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Jason Fry and Greg Prince
Faith and Fear in Flushing made its debut on Feb. 16, 2005, the brainchild of two longtime friends and lifelong Met fans.

Greg Prince discovered the Mets when he was 6, during the magical summer of 1969. He is a Long Island-based writer, editor and communications consultant. Contact him here.

Jason Fry is a Brooklyn writer whose first memories include his mom leaping up and down cheering for Rusty Staub. Check out his other writing here.

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The Old Man Stays in the Picture

Way to complicate things, El Duque.

Of course this is good complicated — better complicated would be Mike Pelfrey following El Duque's fine effort with one of his own, leaving us with three viable candidates for two spots. (And Brian Bannister not far away.) And with Pedro having pronounced himself good to go, what next? If I were playing GM, I'd send Pelfrey down to Norfolk with a taste of the Show and a return date in September, unless something happens between then and now — which it probably will, starting pitchers being starting pitchers.

(Of course if I were GM, Jose Valentin would have been unemployed by mid-May. I know nothing.)

I'll leave deeper analysis of this one to my co-blogger, as I was out of action for most of it. (After catching a snippet of the Fox broadcast, I did note that as baseball games go, this wasn't a hard one to sum up: El Duque settled down after a rough start, Nady hit a three-run homer.) Anyway, Emily and I were at a party on Rockaway Beach, boy in tow, and keeping close tabs on the game had to wait until we left for the subway. Which we did in the bottom of the 7th inning, Mets up 4-3.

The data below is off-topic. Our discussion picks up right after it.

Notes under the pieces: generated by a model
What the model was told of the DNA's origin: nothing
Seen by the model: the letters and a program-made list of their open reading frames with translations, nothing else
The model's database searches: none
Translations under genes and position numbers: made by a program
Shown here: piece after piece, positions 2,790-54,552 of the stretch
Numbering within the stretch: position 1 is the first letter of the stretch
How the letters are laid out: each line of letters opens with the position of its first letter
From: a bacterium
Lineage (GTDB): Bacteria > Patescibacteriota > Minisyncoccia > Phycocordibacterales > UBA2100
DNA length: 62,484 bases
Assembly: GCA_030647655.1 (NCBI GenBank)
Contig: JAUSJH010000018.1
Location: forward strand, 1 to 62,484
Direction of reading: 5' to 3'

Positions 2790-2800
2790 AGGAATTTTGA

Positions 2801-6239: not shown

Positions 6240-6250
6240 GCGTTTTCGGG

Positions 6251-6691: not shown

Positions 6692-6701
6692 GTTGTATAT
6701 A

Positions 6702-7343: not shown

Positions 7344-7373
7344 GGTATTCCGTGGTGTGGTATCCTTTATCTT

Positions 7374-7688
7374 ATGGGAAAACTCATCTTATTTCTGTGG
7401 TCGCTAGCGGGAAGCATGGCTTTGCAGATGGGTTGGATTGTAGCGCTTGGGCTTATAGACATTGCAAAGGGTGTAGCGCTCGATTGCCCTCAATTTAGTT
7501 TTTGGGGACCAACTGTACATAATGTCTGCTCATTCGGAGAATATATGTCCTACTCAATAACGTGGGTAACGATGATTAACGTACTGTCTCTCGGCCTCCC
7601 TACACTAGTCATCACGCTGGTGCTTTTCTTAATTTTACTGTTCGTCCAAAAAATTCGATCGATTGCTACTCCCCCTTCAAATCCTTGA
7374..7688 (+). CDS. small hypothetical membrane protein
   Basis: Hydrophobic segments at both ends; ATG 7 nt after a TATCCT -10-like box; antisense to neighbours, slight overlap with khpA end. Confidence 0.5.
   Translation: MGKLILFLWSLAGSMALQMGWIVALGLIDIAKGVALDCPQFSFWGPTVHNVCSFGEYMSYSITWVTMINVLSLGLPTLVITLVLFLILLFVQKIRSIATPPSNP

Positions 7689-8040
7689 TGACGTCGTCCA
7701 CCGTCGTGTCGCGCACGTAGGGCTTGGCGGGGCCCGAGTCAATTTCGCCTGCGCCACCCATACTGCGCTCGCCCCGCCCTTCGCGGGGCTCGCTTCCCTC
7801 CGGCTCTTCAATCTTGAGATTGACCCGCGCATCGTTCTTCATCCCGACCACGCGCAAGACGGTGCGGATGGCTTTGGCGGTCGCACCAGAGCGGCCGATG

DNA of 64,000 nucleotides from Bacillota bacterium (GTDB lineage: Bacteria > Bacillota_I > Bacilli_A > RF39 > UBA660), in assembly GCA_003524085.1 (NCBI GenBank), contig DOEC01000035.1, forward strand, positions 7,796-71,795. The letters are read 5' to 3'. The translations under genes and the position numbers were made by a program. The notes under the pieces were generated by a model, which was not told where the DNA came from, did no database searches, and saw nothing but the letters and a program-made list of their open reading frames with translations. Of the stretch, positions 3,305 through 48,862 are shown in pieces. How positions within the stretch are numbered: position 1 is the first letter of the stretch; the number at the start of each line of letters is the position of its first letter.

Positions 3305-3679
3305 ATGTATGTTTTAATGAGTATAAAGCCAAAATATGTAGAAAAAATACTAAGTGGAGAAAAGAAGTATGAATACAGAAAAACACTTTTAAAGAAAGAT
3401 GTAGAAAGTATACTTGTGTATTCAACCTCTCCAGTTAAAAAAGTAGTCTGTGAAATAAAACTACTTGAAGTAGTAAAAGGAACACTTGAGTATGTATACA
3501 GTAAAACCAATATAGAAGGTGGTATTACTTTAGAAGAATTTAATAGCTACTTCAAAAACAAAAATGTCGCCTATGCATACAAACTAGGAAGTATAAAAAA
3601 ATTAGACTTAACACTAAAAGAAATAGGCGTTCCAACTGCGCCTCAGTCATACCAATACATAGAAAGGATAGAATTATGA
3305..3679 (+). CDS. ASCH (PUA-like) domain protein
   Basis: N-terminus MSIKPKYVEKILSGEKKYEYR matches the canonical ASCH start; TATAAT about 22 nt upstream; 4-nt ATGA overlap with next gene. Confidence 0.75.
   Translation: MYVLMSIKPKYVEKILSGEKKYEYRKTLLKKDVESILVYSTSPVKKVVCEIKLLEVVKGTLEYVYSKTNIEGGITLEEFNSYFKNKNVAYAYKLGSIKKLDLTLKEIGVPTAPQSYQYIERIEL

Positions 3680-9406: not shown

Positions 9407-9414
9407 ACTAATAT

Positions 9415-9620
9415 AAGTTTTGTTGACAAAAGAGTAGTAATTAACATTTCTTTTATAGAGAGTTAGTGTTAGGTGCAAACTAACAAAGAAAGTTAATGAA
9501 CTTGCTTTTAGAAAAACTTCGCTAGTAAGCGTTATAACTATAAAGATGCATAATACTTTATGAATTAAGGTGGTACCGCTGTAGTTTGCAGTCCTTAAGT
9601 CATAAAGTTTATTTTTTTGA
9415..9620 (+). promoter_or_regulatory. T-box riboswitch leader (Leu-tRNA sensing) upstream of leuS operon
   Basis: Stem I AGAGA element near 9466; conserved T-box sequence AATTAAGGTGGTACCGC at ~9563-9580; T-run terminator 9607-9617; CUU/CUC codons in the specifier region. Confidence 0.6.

Since we were starting from Beach 94th, I had hope that I could hear the rest. And, indeed, the long wait at the elevated station at Beach 90th for the Shuttle and at Broad Channel (another elevated station) for the A worked in our favor, at least as far as hearing a good chunk of a baseball game was concerned. The Mets were batting in the 8th by the time we were settled in on the A that would take us back to Brooklyn Heights. That meant time was short, but the A runs on an elevated track until Grant (if memory serves), so there was still a chance.

Except Phil Garner had to use EVERY FRICKING PITCHER IN HIS BULLPEN, wasting precious time as the A kept on rolling. (And before you ask: With a fractious three-year-old who hadn't napped, stepping out to hear the rest on a platform wasn't an option.)

Aqueduct Raceway: Inning change, here comes Wags. C'mon Billy, an out per station and I'm golden.

88th Street: Preston Wilson is no more. Crap, not going to make it. Maybe Luke Scott will hit the first pitch.

80th Street: Luke Scott not cooperating. And it's raining.

Grant: And underground we go. But wait! Provided I turn my little radio to ear-bleeding levels and jam the earbud practically through my skull, I can still kind of hear the FAN every few seconds!

BZZZZZZZZZ pitch to scott WHIIIIIIIIIIINNNNNNEEEEEEE fouled back SKKKKKKREEEEEEEEEEE WOWWWWWWWWWWW 1-2 on scott HOOOWWWWWWWWWLLLLLLLLL KZKZKZZZZKKKKKZKZKZKZKKZKZKZKKZKZKZKKZKZKZKZKKZKKKKK!!!!!!!!!!!

(Oh, this is ridiculous.)

My timing may have been lousy, but the Mets' was just fine.

1 comment to The Old Man Stays in the Picture

  • Anonymous

    BZZZZZZZZZ pitch to scott WHIIIIIIIIIIINNNNNNEEEEEEE fouled back SKKKKKKREEEEEEEEEEE WOWWWWWWWWWWW 1-2 on scott HOOOWWWWWWWWWLLLLLLLLL KZKZKZZZZKKKKKZKZKZKZKKZKZKZKKZKZKZKKZKZKZKZKKZKKKKK!!!!!!!!!!!
    —————————–
    Funnily enough, this sounds like any clip (on a crystal clear signal) of Mets fans calling the FAN to complain about Kazmir.